Spartan Women

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Being asked by a woman from Attica, “Why is it that you Spartan women are the only women that lord over your men?” Gorgo, the Queen of Sparta and wife of Leonidas replied, “Because we are the only women who are the mothers of men”. This quote from Gorgo shows the great prowess not only of Spartan men but of Spartan women as well. Spartan women, along with Spartan men were bred to be the pinnacle of human performance and perfection. The armies and soldiers of Sparta are still revered as the best there ever has been. Often overlooked are the women of Sparta who were just as important in crafting the Spartan society as the men. Spartan women had rights and privileges unmatched by any other Greek City-State. Spartan women gained prominence from the absence of men in everyday affairs, exploitation of the Helots, education, and land ownership. Spartan women were the first to be on the same level as their male counterparts.

Spartans social institutions and its famous discipline were designed for a single purpose: to protect the state by maintaining the best fighting force in the world. Women were as much a part of this goal as men were. Women were trained to be fitting wives and mothers of these soldiers. Their education included rigorous athletic training in which competition was encouraged.

The process of making the perfect Spartan citizen, either male or female, began at birth. The Spartans were frequent practitioners of eugenics and examined all children at birth to determine their probability of becoming functioning members of a Spartan society . This can best be illustrated through Plutarch writings, particularly those regarding the great lawgiver Lycurgus: The father did not decide whether to raise a baby; rather he took it and carried it to some place called Lesche where the elders of the tribes sat and examined. the infant, and if it was well built and sturdy, they ordered the father to rear it, and assigned it one of the nine thousand lots of land; but if it was ill born and misshapen, they sent it to the so-called “Apothetae,” a chasm-like place at the foot of Mount Taygetus, thinking that any baby which was not naturally created at the very beginning to be healthy and strong was of no good either to itself or the state . Most interestingly to note was that while boys were subject to male infanticide most girls were left untouched, except those with obvious and debilitating physical abnormalities. From Plutarch writing it can be deduced that at births females were simply handed over to the women of Sparta. Once handed over to the wives, the women would than perform their own tests on the infant girls to check for epilepsy, sickness and overall viability .. One such test was tossing the infant into a bath of undiluted wine. If the infant went into convulsions that it was not fit to be a Spartan . Female Spartan babies were thought to have been more significantly nourished than other female Greek children and in some cases than Spartan male babies . Diet reflected ethic difference. The height of Spartan women probably resulted not only from heredity and eugenics, but also from their generous food rations. Spartans were the only Greek women who were well fed and drank wine . Many believe this preference is shown to female babies because it is especially important to the Spartans to have physically fit women to bear children.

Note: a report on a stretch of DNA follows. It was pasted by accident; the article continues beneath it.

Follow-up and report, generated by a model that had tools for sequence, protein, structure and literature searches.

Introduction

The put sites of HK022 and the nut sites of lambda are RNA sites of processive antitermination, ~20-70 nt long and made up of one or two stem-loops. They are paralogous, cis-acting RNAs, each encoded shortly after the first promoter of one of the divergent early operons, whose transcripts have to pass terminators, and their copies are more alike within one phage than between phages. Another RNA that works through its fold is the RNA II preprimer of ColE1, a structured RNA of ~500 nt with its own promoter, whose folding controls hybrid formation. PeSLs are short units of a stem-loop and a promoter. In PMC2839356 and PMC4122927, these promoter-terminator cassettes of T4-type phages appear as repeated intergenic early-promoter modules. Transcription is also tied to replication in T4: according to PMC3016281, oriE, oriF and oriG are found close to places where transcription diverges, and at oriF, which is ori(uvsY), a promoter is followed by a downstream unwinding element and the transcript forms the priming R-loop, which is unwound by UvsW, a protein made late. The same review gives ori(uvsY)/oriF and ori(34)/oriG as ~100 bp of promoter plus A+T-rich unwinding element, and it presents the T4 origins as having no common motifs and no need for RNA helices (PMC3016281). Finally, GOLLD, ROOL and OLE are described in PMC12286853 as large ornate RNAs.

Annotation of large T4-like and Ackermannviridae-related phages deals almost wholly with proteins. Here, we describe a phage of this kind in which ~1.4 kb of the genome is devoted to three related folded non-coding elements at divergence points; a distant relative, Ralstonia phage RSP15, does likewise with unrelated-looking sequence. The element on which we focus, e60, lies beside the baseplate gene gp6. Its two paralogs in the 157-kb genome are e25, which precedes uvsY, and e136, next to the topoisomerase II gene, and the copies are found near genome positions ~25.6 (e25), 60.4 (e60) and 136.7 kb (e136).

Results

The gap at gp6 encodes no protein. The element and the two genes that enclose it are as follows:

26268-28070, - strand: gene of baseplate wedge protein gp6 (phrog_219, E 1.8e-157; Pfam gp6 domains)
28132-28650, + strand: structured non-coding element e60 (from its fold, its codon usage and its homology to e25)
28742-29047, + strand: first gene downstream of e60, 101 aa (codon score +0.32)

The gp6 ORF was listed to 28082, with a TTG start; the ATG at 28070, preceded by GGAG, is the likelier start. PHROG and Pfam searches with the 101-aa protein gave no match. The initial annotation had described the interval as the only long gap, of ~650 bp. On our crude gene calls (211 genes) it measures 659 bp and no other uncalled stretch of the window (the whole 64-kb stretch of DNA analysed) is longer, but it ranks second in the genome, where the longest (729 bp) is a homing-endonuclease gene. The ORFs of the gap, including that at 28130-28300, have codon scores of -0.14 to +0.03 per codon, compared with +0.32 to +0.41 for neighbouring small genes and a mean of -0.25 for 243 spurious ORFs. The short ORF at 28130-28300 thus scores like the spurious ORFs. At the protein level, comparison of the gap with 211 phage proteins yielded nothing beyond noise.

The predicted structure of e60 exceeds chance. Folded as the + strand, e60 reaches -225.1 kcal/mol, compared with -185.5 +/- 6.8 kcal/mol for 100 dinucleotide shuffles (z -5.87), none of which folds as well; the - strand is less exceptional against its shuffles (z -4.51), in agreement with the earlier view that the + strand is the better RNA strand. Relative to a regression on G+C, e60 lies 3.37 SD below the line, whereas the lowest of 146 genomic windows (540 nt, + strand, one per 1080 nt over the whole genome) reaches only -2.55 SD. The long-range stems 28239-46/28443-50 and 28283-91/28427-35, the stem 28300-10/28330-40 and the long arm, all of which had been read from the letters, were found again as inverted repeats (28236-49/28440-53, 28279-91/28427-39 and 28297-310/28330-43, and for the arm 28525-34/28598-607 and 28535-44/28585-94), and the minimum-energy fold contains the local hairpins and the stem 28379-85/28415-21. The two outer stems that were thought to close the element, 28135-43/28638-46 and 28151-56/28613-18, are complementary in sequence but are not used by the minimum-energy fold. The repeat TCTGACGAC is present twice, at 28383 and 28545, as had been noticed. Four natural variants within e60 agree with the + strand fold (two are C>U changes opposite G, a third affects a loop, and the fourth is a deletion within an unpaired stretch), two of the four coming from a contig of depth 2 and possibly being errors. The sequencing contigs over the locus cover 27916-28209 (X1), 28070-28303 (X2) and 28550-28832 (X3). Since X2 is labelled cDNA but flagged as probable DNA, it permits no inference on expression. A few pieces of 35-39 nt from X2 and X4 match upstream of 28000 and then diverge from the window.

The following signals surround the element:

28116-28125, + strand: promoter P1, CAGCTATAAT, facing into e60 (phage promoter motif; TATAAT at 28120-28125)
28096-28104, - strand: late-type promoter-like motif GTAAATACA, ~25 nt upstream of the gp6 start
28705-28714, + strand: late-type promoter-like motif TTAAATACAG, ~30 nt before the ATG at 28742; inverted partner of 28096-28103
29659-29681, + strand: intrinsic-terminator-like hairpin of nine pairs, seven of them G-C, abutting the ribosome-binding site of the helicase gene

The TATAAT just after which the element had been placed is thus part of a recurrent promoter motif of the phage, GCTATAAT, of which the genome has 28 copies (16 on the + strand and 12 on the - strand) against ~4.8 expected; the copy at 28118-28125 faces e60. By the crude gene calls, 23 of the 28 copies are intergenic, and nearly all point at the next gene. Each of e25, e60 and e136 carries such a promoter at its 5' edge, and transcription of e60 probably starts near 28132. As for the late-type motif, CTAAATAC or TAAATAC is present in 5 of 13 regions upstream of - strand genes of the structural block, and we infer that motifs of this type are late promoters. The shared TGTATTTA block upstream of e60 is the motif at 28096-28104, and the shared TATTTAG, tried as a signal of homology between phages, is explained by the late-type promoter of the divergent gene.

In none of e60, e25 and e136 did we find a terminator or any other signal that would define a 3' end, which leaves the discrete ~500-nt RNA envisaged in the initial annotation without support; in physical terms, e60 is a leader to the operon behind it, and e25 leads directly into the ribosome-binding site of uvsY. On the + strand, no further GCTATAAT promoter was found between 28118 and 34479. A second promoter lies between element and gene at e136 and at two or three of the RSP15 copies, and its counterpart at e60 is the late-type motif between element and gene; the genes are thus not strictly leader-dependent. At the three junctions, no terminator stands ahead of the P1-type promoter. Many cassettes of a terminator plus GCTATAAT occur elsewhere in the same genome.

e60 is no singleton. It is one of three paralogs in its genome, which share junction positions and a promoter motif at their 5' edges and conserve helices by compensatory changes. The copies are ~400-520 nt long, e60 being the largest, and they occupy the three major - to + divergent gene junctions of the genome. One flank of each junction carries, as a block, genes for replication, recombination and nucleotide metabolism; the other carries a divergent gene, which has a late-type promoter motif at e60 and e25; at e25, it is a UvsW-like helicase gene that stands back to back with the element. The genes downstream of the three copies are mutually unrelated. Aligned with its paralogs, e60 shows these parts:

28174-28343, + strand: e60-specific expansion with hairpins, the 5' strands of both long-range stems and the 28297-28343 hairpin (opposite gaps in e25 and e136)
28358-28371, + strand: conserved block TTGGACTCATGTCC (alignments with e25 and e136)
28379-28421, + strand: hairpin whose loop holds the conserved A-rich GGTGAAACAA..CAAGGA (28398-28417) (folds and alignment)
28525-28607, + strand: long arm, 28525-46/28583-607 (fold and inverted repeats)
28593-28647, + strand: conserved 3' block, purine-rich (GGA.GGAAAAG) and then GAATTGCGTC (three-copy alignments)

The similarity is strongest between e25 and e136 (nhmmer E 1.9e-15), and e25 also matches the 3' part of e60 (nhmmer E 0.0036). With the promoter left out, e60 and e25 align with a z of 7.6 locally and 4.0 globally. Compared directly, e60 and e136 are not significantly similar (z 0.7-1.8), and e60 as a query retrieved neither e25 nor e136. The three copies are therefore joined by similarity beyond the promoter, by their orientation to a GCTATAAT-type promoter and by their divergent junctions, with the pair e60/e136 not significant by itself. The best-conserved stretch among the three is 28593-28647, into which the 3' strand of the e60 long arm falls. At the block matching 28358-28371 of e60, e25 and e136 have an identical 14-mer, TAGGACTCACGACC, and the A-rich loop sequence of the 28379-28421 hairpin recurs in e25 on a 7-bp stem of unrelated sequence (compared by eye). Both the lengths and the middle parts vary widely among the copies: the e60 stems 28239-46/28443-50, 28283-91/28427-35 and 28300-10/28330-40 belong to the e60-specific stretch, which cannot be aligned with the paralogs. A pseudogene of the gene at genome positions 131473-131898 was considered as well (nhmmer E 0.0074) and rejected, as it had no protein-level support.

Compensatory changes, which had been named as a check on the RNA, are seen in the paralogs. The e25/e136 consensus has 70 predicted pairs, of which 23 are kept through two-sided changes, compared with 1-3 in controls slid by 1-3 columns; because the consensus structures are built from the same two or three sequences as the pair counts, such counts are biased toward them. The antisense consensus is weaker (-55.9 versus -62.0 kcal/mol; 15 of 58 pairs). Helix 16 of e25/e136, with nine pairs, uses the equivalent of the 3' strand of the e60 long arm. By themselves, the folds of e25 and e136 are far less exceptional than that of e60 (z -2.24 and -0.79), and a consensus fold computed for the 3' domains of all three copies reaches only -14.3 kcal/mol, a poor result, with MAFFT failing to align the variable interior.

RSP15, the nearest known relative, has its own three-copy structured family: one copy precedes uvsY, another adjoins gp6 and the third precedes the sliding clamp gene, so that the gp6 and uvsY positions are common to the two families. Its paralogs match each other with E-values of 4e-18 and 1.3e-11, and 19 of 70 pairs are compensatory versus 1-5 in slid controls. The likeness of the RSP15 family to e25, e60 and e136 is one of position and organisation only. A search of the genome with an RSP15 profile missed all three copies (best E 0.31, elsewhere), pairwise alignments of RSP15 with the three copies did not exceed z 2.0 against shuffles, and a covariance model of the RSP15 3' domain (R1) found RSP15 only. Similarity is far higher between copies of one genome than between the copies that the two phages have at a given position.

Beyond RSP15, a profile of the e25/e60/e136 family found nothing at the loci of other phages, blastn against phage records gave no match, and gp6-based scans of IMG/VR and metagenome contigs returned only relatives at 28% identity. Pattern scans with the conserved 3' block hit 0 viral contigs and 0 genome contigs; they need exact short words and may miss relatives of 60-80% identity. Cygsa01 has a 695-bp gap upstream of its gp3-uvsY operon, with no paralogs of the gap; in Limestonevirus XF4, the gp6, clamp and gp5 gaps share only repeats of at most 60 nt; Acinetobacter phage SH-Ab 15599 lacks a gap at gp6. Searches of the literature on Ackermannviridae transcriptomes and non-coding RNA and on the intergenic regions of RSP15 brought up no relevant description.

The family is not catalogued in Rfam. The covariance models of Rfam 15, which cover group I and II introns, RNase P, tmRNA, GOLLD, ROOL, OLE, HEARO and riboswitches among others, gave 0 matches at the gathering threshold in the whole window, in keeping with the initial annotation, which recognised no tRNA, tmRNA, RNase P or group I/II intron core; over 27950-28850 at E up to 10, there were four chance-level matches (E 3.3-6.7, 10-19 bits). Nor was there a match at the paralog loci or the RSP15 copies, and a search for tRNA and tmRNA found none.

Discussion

If the child was strong enough to make it past the initial inspection and tests than they were on the path to becoming a true Spartan. Spartan formal training and education for both males and females began around the age of seven. At this time the boys were taken from the home and sent to the agoge, which would act as the main agent of socialization and education for boys. In the agoge a boy would enter and after a lifetime of training a Spartan soldier would emerge. For females in Sparta although they did not go to the agoge that does not mean that they were not educated. The goal of the...
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